Drop in additional needs teachers as demand rises

The number of teachers for special needs children is falling. Picture: Getty

The number of teachers for special needs children is falling. Picture: Getty

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The number of teachers qualified to offer children additional support in schools is falling – despite more pupils needing help.

A new report by the Scottish Children’s Services Coalition (SCSC) claims that the number of additional support needs (ASN) teachers in the city’s mainstream schools has dropped by 18 per cent in the past four years.

According to the report, which was released yesterday, there are currently only 138 special needs teachers employed in schools to assist with the Capital’s 10,600 youngsters that require the service. Children can have additional support needs for a number of reasons – they may have autism, learning difficulties, family issues or may even be learning English as a 
second language.

A spokesman for the SCSC dubbed the situation a “ticking timebomb” and said that not having enough teachers in schools to assist with ASN children had huge consequences.

He said: “Additional support teachers are vital to give kids the support they need.

“It increases their chance of employment or going on to further education, and helps decrease the chances of unemployment or turning to a life of crime.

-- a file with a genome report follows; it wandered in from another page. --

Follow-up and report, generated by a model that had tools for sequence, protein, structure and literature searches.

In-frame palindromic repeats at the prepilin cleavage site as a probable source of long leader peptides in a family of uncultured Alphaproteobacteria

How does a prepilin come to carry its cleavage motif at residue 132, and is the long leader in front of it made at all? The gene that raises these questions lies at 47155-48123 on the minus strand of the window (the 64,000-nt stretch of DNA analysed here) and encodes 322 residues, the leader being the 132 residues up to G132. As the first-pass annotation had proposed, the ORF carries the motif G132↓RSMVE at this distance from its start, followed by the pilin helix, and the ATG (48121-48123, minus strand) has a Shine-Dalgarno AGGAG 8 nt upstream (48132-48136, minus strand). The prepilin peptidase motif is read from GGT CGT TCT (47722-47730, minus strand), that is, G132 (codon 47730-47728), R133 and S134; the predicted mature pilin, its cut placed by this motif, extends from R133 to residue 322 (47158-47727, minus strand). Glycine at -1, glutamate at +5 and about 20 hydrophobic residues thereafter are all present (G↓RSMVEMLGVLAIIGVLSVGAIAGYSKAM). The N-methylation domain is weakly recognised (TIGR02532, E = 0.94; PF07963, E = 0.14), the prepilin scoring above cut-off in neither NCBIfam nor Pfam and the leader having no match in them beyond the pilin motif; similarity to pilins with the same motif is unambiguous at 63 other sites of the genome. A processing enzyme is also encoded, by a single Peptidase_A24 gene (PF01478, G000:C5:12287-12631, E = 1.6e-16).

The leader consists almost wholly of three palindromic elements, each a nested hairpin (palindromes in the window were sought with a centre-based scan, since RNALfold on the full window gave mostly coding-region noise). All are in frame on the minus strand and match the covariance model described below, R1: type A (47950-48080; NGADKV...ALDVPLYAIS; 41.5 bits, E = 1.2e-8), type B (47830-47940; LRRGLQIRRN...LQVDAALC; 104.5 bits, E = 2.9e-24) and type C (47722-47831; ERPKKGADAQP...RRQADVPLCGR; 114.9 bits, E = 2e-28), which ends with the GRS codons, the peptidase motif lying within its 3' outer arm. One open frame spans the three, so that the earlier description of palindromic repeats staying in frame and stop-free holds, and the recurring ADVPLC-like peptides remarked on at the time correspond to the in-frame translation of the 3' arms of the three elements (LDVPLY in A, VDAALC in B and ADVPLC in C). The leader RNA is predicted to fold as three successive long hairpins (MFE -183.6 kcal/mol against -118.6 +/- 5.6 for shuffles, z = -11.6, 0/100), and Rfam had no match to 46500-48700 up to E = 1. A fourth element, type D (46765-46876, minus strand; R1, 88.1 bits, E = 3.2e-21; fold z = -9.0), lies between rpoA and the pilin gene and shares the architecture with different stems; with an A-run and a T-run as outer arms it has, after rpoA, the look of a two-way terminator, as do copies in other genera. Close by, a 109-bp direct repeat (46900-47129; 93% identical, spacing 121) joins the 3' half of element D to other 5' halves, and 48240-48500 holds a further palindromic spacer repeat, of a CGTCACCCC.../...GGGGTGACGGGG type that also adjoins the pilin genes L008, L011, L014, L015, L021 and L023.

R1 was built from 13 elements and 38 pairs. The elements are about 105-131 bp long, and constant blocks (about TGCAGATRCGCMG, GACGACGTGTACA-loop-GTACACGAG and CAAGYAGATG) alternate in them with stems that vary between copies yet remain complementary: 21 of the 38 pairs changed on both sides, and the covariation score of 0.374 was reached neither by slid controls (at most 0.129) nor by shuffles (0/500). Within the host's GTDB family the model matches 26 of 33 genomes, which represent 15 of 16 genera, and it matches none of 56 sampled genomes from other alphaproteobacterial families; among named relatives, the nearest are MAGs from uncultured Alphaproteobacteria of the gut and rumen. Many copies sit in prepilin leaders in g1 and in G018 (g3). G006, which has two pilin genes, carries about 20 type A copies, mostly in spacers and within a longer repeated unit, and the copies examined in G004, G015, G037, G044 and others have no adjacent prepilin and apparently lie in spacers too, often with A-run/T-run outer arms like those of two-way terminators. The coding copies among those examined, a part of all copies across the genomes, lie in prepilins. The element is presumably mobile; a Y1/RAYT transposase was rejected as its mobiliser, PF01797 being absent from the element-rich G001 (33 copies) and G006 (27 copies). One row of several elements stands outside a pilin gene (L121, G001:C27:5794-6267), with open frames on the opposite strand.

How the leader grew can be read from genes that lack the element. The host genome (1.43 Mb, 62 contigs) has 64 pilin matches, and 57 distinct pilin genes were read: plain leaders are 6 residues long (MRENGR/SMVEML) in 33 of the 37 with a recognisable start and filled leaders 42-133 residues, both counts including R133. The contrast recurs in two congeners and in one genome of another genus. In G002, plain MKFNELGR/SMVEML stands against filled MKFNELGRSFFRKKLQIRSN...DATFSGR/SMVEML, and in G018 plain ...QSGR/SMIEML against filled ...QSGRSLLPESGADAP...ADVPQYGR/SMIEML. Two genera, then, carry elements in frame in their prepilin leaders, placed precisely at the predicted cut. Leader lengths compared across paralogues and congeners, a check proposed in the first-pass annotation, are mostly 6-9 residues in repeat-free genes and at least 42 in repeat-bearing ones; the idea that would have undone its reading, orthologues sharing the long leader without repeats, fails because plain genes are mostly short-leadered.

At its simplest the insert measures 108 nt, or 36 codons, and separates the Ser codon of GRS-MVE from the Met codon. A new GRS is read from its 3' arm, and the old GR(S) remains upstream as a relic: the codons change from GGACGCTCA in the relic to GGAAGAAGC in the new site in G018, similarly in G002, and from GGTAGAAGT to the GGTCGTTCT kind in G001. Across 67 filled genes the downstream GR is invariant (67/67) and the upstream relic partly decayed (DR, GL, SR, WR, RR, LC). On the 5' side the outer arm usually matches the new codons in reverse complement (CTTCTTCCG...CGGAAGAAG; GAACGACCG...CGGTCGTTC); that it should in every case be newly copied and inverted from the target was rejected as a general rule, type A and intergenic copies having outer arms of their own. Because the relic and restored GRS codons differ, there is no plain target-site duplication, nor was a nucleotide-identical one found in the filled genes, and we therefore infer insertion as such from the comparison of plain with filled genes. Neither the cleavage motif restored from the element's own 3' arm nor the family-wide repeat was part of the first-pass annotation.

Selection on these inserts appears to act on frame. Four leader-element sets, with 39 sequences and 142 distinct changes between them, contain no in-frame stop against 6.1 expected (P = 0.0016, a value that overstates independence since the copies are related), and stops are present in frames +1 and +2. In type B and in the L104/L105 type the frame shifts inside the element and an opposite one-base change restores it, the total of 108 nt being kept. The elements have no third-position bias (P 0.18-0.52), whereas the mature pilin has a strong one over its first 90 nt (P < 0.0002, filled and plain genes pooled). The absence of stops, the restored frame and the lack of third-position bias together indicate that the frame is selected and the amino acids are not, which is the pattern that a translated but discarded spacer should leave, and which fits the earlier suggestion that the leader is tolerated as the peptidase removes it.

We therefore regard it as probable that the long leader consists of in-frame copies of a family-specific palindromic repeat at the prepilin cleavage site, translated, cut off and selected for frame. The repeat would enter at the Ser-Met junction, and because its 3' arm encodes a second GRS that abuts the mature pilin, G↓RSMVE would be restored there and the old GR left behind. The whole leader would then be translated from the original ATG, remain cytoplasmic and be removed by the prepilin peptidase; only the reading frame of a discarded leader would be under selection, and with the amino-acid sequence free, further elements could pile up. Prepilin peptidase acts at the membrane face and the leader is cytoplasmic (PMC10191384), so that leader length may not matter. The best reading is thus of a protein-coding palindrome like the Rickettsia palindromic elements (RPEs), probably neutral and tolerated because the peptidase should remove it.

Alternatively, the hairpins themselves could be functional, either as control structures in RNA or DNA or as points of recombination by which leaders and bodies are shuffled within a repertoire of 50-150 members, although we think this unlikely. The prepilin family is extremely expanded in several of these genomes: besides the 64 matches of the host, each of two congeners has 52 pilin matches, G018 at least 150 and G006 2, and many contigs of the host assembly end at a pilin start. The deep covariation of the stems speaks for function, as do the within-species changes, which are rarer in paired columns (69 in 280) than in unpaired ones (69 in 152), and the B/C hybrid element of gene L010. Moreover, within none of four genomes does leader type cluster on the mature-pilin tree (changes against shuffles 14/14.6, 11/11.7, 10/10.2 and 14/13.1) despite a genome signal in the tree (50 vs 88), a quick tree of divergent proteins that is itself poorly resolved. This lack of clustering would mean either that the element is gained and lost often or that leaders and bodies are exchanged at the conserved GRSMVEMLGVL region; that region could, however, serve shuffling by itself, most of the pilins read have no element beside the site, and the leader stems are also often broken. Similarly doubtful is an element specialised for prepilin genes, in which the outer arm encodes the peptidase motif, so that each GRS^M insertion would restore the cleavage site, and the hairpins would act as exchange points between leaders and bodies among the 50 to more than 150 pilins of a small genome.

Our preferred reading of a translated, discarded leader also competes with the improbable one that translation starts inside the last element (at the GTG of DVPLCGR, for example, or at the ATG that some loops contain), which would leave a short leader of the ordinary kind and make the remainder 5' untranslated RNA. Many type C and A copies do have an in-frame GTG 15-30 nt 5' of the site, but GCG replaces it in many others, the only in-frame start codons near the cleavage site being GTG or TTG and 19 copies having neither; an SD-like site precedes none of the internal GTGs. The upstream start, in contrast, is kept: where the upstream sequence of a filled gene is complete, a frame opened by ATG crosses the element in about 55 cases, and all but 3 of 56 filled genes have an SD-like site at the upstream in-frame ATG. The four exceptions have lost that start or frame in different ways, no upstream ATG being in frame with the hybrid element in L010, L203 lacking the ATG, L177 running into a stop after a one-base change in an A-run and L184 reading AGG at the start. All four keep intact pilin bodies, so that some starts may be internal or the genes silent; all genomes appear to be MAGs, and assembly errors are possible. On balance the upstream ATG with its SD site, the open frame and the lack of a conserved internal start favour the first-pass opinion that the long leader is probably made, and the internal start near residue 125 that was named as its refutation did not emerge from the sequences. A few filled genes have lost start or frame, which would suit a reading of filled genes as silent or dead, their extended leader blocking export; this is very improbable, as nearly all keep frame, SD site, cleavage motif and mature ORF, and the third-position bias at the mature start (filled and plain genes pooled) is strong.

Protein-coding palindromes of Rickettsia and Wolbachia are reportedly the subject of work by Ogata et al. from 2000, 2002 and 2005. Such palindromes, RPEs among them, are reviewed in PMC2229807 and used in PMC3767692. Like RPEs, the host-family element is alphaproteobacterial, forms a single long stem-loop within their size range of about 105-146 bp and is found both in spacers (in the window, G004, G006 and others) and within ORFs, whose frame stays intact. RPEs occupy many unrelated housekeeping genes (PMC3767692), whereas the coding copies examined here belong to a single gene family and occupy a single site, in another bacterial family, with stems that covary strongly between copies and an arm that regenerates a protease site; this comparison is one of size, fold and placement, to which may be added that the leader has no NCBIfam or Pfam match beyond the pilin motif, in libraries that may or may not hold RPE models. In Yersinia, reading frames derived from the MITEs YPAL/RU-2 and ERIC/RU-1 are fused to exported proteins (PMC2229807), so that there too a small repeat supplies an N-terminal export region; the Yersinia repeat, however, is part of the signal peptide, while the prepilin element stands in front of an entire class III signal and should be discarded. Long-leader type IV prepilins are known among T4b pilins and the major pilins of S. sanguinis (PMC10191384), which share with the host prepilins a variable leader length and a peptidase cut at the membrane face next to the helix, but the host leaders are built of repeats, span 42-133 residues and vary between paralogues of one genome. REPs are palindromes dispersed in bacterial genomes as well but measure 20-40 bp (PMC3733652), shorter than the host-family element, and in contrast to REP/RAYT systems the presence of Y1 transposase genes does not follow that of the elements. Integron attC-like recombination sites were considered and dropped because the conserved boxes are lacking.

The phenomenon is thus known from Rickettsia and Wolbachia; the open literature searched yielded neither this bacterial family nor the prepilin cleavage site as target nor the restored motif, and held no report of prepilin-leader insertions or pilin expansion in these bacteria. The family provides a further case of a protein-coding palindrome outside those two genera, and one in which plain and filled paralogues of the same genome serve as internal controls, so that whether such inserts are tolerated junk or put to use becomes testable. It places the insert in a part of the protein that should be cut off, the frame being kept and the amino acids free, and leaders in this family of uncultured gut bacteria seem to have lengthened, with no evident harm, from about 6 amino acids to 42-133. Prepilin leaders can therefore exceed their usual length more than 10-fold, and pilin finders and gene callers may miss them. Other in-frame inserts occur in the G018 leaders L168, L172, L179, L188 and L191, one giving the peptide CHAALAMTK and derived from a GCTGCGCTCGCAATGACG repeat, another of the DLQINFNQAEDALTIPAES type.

“While we are seeing the number of kids with additional support needs increase, we are not giving them the support they require because the number of teachers is decreasing – we are actually going backwards.

“It is putting mainstream teachers under pressure – it’s a ticking timebomb.”

The figures, revealed in a parliamentary answer to a question by Labour’s Central Scotland MSP Siobhan McMahon, claim that the amount of teachers employed in Edinburgh schools to assist children with ASN has fallen by 30 over the last four years, from 168 in 2010.

But trends show that the number of children with support needs is rising.

In April, one council-employed supply teacher with nearly 20 years’ experience told the Evening News how staff were cracking under the strain.

The teacher, who asked not to be named, said: “[The rise in ASN pupils and falling staff numbers] creates a more challenging environment for the mainstream teacher, who’s probably already run 
ragged.

“In my experience, the pressure is one that constantly downgrades the quality of input the teacher can provide because they’re running out of time, resources and energy levels.”

Larry Flanagan, general secretary for the Educational Institute of Scotland teachers trade union, added: “The EIS is not opposed to the principle of educating pupils with ASN within mainstream classes, but it is clear that the inclusion must be properly resourced to ensure that these young people, and all their colleagues within the class, receive the quality of education that they have the right to 
expect.

“Cuts to ASN are bad for schools, bad for our young people and run counter to current initiatives that aim to reduce social exclusion and tackle the attainment gap.”

The city council said that funding for additional support needs has been increased.

A spokesman said: “Overall our funding for additional support needs in schools has increased in real terms and we have protected the Additional Support for Language Service, Speech and Language Therapy and other support services as well.

“We regularly review our services to make sure they adapt to new demands and we will continue to do this to ensure the needs of children with additional support needs are met.”

courtney.cameron@edinburghnews.com